Musings of a True Norther – How I Found My True North

You may or may not a fan of Jane Fonda, but she did a Ted Talk a few years ago that challenged people in there 60s to contemplate their lives. I am in my 60s and I took her challenge seriously. She divides out a person’s life into 3 acts.

  • The first act is from birth to 30. That is the period of becoming an adult.
  • The second act is from 30 to 60 and during this period we raise our children and work.
  • The last act is from 60 to death. One of the life goals during this act is to contemplate: How did I get here? Or, how did I get to be the person I am? What were the influences that made me the person that I am?

Or, how did I find my True North?

If you have any interest in being the person that you wish to be, or the person who has found their True North, consider some of the things that influenced me and helped me find my True North:

  • I followed my heart. I have always loved helping people and teaching them. I experimented with various things, but I dreamed about being a Family Therapist because I loved solving family problems. I have also loved working with young adults, that is to say, teenagers. I loved being a teenager and I believe that this should be the prerequisite for working with teenagers. Following my heart has led me to my True North.
  • I followed the voices of others. I remember as a teenager hearing a mentor of mine exclaim that you should never do the thing that you are passionate about as a profession. It took me a decade to unlearn that advice. I have come to believe that the truth is that you should follow your passions and pursue them as a vocation. So, not everything that you hear is helpful in finding your True North. Then there are those people that say things that inspire you to follow your heart. One such person was John Gilespie. It was in 1995 and I was in my last semester of my Master’s in Social Work degree. John was a friend and fellow student. As I talked to him about what I had been dreaming, he said, “Mark, I can hear the passion and excitement in your voice when you talk about being a Family Therapist.” I have never forgotten those words.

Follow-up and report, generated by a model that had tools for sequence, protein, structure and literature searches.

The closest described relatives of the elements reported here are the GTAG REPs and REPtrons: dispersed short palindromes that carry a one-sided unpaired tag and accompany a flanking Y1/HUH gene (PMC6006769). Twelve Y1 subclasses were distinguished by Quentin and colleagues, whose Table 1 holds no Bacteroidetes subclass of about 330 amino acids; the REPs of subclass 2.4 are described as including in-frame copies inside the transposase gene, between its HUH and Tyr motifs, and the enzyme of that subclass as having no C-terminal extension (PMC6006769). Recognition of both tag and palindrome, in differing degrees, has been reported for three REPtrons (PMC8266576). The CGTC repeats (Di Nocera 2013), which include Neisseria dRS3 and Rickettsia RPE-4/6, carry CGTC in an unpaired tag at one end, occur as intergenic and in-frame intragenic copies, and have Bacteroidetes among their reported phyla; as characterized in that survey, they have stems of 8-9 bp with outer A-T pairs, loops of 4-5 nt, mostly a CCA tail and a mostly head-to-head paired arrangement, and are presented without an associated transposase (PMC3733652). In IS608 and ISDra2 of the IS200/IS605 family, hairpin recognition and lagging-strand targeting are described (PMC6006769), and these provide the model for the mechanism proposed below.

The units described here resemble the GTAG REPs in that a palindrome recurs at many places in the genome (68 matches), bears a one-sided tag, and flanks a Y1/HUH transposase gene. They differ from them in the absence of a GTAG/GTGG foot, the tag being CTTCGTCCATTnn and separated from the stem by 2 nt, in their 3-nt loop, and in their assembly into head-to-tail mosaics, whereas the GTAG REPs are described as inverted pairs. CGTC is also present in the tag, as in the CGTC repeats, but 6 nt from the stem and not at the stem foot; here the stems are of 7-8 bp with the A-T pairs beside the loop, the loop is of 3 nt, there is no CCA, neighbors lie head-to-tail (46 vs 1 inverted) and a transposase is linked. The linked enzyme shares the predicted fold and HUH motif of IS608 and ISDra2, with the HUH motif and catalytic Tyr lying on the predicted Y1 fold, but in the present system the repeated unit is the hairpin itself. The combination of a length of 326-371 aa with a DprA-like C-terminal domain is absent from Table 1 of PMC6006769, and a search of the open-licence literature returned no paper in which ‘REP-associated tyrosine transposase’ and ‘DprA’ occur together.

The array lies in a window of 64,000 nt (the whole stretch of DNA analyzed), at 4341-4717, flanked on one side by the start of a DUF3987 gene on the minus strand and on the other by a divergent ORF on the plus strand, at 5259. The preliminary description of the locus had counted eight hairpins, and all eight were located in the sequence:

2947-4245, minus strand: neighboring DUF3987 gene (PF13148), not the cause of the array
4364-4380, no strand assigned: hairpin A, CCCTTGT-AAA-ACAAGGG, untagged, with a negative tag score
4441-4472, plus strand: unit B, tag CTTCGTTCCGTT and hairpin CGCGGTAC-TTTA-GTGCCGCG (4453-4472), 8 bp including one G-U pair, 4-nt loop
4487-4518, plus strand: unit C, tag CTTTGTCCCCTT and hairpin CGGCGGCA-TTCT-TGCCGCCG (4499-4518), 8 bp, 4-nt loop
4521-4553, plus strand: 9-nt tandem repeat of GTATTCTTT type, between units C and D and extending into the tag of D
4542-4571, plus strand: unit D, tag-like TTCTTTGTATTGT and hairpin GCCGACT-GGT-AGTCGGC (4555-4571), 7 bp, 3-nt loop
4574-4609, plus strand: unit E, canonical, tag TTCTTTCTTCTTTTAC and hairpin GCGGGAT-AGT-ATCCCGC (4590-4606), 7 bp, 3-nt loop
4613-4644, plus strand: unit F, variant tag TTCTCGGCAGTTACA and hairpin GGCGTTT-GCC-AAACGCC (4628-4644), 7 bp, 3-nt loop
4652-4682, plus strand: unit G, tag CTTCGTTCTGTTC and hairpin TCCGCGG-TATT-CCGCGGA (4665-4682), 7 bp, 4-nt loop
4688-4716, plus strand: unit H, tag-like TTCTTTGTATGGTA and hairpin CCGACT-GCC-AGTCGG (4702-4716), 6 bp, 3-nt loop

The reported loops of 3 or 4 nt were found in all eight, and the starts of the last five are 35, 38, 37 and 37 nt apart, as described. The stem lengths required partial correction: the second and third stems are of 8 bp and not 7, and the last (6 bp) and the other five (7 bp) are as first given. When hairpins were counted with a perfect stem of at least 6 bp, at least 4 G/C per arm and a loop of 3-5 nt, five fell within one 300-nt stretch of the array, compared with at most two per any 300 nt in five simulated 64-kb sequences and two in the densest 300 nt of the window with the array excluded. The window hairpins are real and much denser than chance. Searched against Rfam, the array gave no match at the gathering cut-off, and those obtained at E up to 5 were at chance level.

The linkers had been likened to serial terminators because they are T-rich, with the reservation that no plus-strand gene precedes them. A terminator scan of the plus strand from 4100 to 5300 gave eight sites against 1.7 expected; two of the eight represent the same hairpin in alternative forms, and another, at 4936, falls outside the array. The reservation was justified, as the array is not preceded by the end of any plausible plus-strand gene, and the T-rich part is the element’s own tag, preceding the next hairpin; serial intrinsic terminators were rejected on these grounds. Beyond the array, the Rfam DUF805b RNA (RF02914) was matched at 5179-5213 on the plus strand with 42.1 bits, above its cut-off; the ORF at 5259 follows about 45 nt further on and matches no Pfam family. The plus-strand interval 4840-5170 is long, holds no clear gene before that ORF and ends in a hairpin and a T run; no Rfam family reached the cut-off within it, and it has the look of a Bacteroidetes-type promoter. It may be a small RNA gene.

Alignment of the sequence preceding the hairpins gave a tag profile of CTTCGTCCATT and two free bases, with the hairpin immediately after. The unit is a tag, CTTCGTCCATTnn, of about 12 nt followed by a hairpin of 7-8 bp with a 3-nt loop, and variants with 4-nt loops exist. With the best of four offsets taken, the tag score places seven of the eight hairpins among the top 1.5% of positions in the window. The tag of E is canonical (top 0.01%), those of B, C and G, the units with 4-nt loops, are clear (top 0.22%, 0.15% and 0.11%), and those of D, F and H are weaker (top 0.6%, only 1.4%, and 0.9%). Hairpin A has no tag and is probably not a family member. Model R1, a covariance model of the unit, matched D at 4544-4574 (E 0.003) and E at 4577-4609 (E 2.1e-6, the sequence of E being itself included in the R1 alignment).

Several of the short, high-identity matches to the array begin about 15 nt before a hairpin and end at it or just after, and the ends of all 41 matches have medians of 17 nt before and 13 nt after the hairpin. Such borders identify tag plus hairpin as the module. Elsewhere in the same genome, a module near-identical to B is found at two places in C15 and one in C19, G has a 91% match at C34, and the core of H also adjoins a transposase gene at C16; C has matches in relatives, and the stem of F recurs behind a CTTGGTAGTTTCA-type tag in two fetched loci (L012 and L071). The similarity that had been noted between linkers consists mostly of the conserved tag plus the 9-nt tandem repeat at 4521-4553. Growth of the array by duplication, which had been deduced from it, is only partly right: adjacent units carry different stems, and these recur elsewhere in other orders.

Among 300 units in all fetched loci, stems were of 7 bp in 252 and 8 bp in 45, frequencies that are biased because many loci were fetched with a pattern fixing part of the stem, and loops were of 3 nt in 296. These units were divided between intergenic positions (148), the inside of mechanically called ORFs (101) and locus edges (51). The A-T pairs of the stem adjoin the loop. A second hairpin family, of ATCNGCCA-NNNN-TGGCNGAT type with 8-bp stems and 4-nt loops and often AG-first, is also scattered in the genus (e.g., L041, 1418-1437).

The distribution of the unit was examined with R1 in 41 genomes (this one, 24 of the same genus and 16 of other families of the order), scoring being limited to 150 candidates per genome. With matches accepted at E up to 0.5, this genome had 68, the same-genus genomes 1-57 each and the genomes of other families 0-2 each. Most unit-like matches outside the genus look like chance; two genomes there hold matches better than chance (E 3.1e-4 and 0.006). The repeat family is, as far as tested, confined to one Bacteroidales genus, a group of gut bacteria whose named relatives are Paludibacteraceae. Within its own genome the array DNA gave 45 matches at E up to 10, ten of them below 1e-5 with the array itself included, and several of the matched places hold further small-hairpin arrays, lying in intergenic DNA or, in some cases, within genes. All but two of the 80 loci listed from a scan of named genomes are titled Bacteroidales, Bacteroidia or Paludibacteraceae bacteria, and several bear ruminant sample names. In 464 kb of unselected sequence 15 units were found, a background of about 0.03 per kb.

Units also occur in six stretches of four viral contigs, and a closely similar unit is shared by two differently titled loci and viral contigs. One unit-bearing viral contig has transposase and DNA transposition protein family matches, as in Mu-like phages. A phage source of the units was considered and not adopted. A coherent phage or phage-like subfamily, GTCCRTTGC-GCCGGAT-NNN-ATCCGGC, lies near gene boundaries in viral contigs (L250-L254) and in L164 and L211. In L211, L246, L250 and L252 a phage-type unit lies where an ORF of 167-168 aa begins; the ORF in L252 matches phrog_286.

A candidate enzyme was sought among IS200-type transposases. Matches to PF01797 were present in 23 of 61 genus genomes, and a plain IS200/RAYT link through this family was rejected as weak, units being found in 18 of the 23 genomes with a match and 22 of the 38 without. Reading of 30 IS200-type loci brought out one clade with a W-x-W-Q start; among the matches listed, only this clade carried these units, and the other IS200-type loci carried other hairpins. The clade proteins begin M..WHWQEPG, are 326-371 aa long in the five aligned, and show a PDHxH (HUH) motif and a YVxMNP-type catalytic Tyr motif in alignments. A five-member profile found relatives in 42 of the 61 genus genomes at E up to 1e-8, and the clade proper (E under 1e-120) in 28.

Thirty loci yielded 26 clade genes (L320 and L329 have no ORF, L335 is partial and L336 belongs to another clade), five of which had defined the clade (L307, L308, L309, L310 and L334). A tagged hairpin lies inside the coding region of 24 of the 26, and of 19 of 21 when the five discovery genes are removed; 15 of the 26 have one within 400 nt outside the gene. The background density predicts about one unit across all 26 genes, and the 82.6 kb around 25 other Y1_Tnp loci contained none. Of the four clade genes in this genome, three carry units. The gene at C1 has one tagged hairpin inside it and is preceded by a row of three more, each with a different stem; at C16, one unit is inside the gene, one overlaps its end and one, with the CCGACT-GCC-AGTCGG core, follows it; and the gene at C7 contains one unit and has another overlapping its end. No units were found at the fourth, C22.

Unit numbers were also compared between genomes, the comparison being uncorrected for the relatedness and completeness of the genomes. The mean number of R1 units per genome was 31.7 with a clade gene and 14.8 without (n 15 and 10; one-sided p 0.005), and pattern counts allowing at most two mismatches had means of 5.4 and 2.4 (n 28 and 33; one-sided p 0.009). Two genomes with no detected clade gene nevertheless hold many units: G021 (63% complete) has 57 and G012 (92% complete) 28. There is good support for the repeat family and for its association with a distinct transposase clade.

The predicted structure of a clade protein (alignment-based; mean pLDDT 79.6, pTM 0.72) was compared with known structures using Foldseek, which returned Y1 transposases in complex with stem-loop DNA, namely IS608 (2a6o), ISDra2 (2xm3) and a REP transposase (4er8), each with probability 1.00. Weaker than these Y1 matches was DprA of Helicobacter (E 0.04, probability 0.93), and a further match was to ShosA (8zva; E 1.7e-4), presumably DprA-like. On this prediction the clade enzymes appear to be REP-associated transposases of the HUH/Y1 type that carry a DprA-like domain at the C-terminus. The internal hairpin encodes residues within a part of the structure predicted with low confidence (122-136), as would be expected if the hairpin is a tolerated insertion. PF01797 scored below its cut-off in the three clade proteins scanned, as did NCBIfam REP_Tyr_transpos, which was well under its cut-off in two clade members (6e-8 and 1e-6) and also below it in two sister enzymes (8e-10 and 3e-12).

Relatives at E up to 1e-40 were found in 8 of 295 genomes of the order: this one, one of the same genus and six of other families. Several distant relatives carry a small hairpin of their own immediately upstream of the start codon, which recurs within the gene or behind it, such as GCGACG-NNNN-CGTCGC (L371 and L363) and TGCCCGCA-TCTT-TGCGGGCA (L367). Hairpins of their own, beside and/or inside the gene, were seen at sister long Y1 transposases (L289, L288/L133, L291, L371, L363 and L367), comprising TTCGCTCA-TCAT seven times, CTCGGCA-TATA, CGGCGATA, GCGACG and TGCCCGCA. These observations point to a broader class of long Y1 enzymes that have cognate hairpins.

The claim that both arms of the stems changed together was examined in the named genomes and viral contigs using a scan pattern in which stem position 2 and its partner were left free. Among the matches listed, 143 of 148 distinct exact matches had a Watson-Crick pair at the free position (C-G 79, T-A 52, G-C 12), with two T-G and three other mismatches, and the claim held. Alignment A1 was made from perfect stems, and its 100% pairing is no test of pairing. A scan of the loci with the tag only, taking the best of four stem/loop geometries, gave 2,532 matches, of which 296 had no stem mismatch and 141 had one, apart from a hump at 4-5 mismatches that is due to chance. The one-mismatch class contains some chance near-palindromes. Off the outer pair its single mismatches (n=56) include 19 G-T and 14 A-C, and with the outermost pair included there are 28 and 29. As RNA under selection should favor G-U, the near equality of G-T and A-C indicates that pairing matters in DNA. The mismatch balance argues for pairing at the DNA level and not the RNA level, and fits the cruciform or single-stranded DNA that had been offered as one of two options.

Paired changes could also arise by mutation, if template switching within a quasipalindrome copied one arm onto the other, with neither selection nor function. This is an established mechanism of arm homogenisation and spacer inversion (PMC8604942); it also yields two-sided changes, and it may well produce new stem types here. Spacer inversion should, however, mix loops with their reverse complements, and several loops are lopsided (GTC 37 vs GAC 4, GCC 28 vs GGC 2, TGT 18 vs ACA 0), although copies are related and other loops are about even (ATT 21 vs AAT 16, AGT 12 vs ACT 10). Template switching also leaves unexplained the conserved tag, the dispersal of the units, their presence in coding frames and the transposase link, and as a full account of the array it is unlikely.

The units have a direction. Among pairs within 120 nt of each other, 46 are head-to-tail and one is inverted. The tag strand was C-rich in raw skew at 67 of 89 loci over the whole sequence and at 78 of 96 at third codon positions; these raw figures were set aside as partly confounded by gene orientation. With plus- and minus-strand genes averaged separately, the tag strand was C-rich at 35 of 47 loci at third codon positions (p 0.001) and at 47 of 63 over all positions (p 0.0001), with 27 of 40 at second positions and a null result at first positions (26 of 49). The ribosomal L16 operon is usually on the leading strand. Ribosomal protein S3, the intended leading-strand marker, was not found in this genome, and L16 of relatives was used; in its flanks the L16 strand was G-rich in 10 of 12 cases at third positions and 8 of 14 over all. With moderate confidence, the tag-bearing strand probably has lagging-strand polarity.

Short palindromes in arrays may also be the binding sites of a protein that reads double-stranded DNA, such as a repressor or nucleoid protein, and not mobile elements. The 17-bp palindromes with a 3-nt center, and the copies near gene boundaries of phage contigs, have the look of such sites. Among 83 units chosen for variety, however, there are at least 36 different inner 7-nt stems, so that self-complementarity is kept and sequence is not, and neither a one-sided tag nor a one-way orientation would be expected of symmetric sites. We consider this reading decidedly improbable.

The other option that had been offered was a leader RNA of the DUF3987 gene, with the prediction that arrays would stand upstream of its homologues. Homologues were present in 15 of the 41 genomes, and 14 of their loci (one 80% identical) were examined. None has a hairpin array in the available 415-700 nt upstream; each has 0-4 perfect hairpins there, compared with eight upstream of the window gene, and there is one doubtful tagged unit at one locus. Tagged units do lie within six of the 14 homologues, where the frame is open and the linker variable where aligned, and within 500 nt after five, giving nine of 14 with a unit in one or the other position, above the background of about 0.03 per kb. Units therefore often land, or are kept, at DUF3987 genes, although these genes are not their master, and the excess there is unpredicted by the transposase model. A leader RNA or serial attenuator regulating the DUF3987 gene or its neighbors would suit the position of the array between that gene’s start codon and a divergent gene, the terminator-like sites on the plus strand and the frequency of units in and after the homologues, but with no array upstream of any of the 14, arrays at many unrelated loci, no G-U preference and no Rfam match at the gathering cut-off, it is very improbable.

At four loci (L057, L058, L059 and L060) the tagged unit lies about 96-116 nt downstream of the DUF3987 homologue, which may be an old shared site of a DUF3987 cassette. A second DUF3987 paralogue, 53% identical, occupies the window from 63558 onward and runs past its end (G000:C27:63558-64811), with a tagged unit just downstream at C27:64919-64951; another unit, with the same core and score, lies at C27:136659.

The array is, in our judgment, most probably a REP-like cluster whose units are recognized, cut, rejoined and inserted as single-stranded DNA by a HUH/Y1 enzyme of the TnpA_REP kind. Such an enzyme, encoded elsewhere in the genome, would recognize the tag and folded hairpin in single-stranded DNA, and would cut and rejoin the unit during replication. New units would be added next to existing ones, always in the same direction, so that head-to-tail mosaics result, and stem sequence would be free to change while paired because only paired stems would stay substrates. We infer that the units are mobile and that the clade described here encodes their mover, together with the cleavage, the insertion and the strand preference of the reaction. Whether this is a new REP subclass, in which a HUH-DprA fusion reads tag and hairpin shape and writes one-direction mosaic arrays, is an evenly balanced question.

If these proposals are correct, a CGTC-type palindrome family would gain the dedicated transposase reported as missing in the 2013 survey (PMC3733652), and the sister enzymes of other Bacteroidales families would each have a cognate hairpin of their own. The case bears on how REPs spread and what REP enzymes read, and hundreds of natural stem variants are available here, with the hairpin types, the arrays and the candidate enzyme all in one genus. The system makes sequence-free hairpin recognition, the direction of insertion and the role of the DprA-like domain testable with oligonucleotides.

• I nurtured and fed my curiosity.I have always been a curious person. Every time I get presented with a new problem or a new intervention, and I seek to know as much as I can about them. I cannot tell you the number of books that I have read. Reading is a way of sorting through the dreams of others. It helped me to find my way, to find my True North. Seeking knowledge and reading books is like holding a lamp over a map. It gives you the lay of the land that others have traveled. Reading gives you a direction to live, or helps you find your True North.
  • I acted on my dreams. You cannot find your True North if you do not act on your dreams. It means taking risks, working hard, and planning and organizing. It means surrounding yourself with people that can help you find True North. People do not find their True North by themselves. I did not find mine by myself. I have been successful at finding my True North because I have been successful at finding people that I care about, that also share my dreams. Acting on my dreams means sharing my dream with others and inviting them to be part of those dreams.

There is no “one way” to finding your True North. In fact, there are many ways. I’ve shared mine. I hope that this has inspired you to reflect on your journey in pursuit of your True North.